A few Evidences on the Age of the Kathavatthu

Barua, Dwijendra Lal
The Indian Historical Quarterly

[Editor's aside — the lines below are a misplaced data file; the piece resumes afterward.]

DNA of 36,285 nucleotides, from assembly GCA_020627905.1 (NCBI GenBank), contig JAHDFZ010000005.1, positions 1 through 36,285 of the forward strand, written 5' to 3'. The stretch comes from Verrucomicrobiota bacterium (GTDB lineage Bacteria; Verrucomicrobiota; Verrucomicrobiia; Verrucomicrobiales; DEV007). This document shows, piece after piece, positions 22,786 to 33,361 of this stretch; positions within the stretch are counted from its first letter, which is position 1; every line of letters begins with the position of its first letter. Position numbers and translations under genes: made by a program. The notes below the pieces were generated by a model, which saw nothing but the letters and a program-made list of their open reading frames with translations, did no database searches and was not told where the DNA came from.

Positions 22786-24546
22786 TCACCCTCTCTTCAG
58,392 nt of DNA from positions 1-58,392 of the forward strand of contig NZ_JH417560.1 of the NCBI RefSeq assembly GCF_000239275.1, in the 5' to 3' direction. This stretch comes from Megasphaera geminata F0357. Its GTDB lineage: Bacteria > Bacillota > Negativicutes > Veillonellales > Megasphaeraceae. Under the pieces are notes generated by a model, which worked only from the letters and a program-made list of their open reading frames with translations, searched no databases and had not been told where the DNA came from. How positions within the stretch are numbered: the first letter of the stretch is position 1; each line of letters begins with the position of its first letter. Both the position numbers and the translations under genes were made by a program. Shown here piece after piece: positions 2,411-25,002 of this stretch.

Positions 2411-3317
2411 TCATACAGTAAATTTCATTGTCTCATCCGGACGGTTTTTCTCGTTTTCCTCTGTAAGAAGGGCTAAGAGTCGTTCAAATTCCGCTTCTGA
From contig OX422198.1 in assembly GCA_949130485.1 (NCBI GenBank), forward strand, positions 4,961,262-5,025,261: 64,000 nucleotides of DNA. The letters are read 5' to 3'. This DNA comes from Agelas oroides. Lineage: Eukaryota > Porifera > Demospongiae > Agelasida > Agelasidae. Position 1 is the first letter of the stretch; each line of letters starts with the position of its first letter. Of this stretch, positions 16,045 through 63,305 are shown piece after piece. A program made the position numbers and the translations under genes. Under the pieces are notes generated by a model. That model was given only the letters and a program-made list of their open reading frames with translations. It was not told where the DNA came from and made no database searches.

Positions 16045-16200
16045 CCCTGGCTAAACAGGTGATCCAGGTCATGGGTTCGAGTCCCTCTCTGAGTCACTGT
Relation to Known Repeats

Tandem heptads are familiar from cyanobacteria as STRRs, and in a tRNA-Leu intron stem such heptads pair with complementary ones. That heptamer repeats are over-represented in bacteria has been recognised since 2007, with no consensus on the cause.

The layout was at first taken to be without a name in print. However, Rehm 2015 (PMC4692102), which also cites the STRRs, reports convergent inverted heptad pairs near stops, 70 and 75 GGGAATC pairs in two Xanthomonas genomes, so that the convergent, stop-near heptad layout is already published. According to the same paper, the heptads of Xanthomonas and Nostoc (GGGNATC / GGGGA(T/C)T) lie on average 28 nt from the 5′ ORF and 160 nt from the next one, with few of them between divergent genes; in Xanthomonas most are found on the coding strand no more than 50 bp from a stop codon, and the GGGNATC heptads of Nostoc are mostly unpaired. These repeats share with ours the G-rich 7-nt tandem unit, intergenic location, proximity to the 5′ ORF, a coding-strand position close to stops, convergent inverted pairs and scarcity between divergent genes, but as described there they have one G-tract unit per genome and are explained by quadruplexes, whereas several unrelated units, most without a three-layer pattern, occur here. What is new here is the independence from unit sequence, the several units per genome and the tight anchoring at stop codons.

p.367 A few Evidences on the Age of the Kathavatthu (i) Tradition We have to depend mainly on the Ceylonese tradition for ascertaining the time of composition of the Kathavatthu, one of the seven treatises of the Abhidhamma Pitaka. The tradition(1) tells us that the controversies embodied in the K. V. took place at the Third Buddhist Council, convened in the 17th regnal year of king Asoka. The compilation of the book too, was, it is said, made at the same time by the Thera Moggaliputta Tissa, and was included in the Canon among the seven Abhidhamma treatises. Buddhaghosa in discussing the authority of the K. V. makes a statement in his Atthasalin(2) to the effect that Buddha himself laid down the table of contents (matika) of the K.V., and while doing it he foresaw that more than 218 years after his demise (mama parinibba- nato atthaasavassadhikanam dvinnam vassasatanam mattkake) Tissa, son of Moggali, being seated in the midst of one thousand bhiksus, would elaborate the K. V. to the extent of the Digha Nikaya, bringing together 500 orthodox and 500 heterodox suttas. The tradition further informs us that Moggaliputta Tissa persuaded king Asoka to despatch Buddhist Missions after the conclusion of the Council.(3) This statement refers, therefore, to a time when the ------------------------- 1 Mnhavamsa, (P.T.S. edition), ch, V, p, 55; also Mahabodhi- vamsa, P. 110. 2 Atthasalini (P.T.S. edition) , p. 8. 3 The Mahabodhivamasa (p. 113) corroborates this tradition and further tells us that soon after the close of the Third Buddhist Council under the presidentship of Moggaliputta Tissa it was found necessary to select those places in the border countries (paccantimesu janapadesu) where the teachings of the Master, if promulgated, were expected to endure long. Tissa, accordingly, selected nine centres to each of which he despatched a leading member of the order to establish the doctrine. The monks who were entrusted with the task were:-- Majjhantika for Kasmira and Gandhara; Mahadeva for Mahimsakamandala; Rakkhita for Vanavasi; Yonakadhammarakkhita for the Aparantaka; Mahadhammarakkhita for the Maharattha; Maharakkhita for the country of the Yonakas; the thera Majjhima p.368 Buddhist Missions were not yet organised under any royal patronage for the dissemination of the truths of Buddbism in regions outside the Middle Country. (ii) Geographical extent of Buddhism Here we shall try to examine whether the above traditional account can be corroborated by any internal evidence. In Book I, the 3rd point of controversy is that there was no holy life among the gods (N'atthi devesu brahmacariyavaso'ti). In course of the controversy the opponent of the orthodox school maintains that among the gods there is no Buddhist mode of holy life, the form of life which is regarded holy by the Buddhist recluses, because it is not till then introduced among the inhabitants, godly or otherwise, in the regions outside the limit of the Middle Country, i.e., in the 'Paccantima-janapadas. He contends that as yet there can be no initiation or Pabbajja in places lying beyond the geographical limits of the Middle-Country (Majjhima-janapada), referring there by to the godly inhabitants of Uttarakuru and the Mlecchas of other places. From this it is evident that Buddhist missionary work was restricted up till the time of the K.V. within the territorial limits of the Middle Country, i.e. to say Buddhism was not yet propagated in India outside the Middle Country as defined in Buddhist literature. (iii) Attempts to check Schism The fact of the disruption of the Buddhist Church into various schools also affords some evidence for ascertaining the time of composition of the K. V. According to the commentator of the K. V. the Buddhist Order in India had been, in course of the 2nd century after Buddha's demise, divided into 18 schools. This is confirmed by both the Ceylonese chronicles, the Dipavamsa(1) and ------------------------ for the regions lying near the Himalayas; and Sona and Uttara for the Suvannabhumi. Not long after Tissa found in Mahinda, the son of Asoka, a young and worthy disciple capable of carrying the doctrine to Lanka. It is interesting to note how each of these succeeded to turn the minds of the people in their respective localities and convert them into Buddhism. 1 Dipavamsa, ch. V, p.369 the Mahavamsa.(1) Prof. Rhys Davids(2) has discussed this matter at some length and is inclined to believe that the number of schools was not eighteen but six or seven on the ground that the Kathavattu Cy. and the inscriptions on Buddhist topes as well as the records of Yuan Chwang furnish us with six or seven names, We cannot dismiss the traditional account as to the number of Buddhist schools prevalent in the 2nd century after Buddha's demise as unreliable on the ground that the K. V. and the Buddhist topes noted above are lacking in mentioning the names of the 18 schools, as it is not a sufficient proof of the non-existence of those schools, It is not strange that Yuan Chwang while giving an account of the 7th century A.C. should state the names of a few Buddhist schools, because the different schools which arose in the course of the 2nd century after Buddha's demise might afterwards have been either swallowed up, one by the other, or some of them disappeared being unable to withstand the opposition from rival schools. So in the absence of any better evidence to prove the contrary, we cannot disbelieve the traditional account of the Ceylonese chronicles. Here our point, however, is to show that though scholars may not agree as to the number of schools, there is no doubt that the Buddhist Church was divided into a few schools during the period under consideration. This fact is corroborated by Asoka's Schism Pillar Edict engraved in his 21st regnal year. The task of the K. V. being mainly to state the various theses put forward by the leading opponents of the Theravada School, and to refute each of them from the view-point of the latter, it is evident that its purpose in view was indirectly the same as that of the Schism Pillar Edict of king Asoka, viz., to put an end to the disruptive elements which threatened the orthodox school at that time. In view of the common object of the two writings, the P. E. and the K.V., it may he said that they were productions of about the same period. (iv) Traces of Mahayanic Influence There are, no doubt, in the K. V. a few topics(e.g., iv,1,7;, xviii, 1-4; xx, 2; xxi, 4-6; xxii, 1-3, etc.), which prove that ---------------------- 1 Mahavamsa (P.T.S, edition), ch. V, p. 29. 2 Buddhism, pp. 195ff. p.370 some of the early Mahayainic doctrines were known to the compiler, This, however, should not lead us to put the date back, because long before the growth of Mahayana, the Mahayanic ideas and doctrines were already current among some of the early Buddhists, especially, the Mahasanghikas and their offshoots. Thus an examination of some of the materials of the K. V. and the Asokan edicts shows that the compilation of the K. V. was made, at least in part, somewhere in the reign of king Asoka.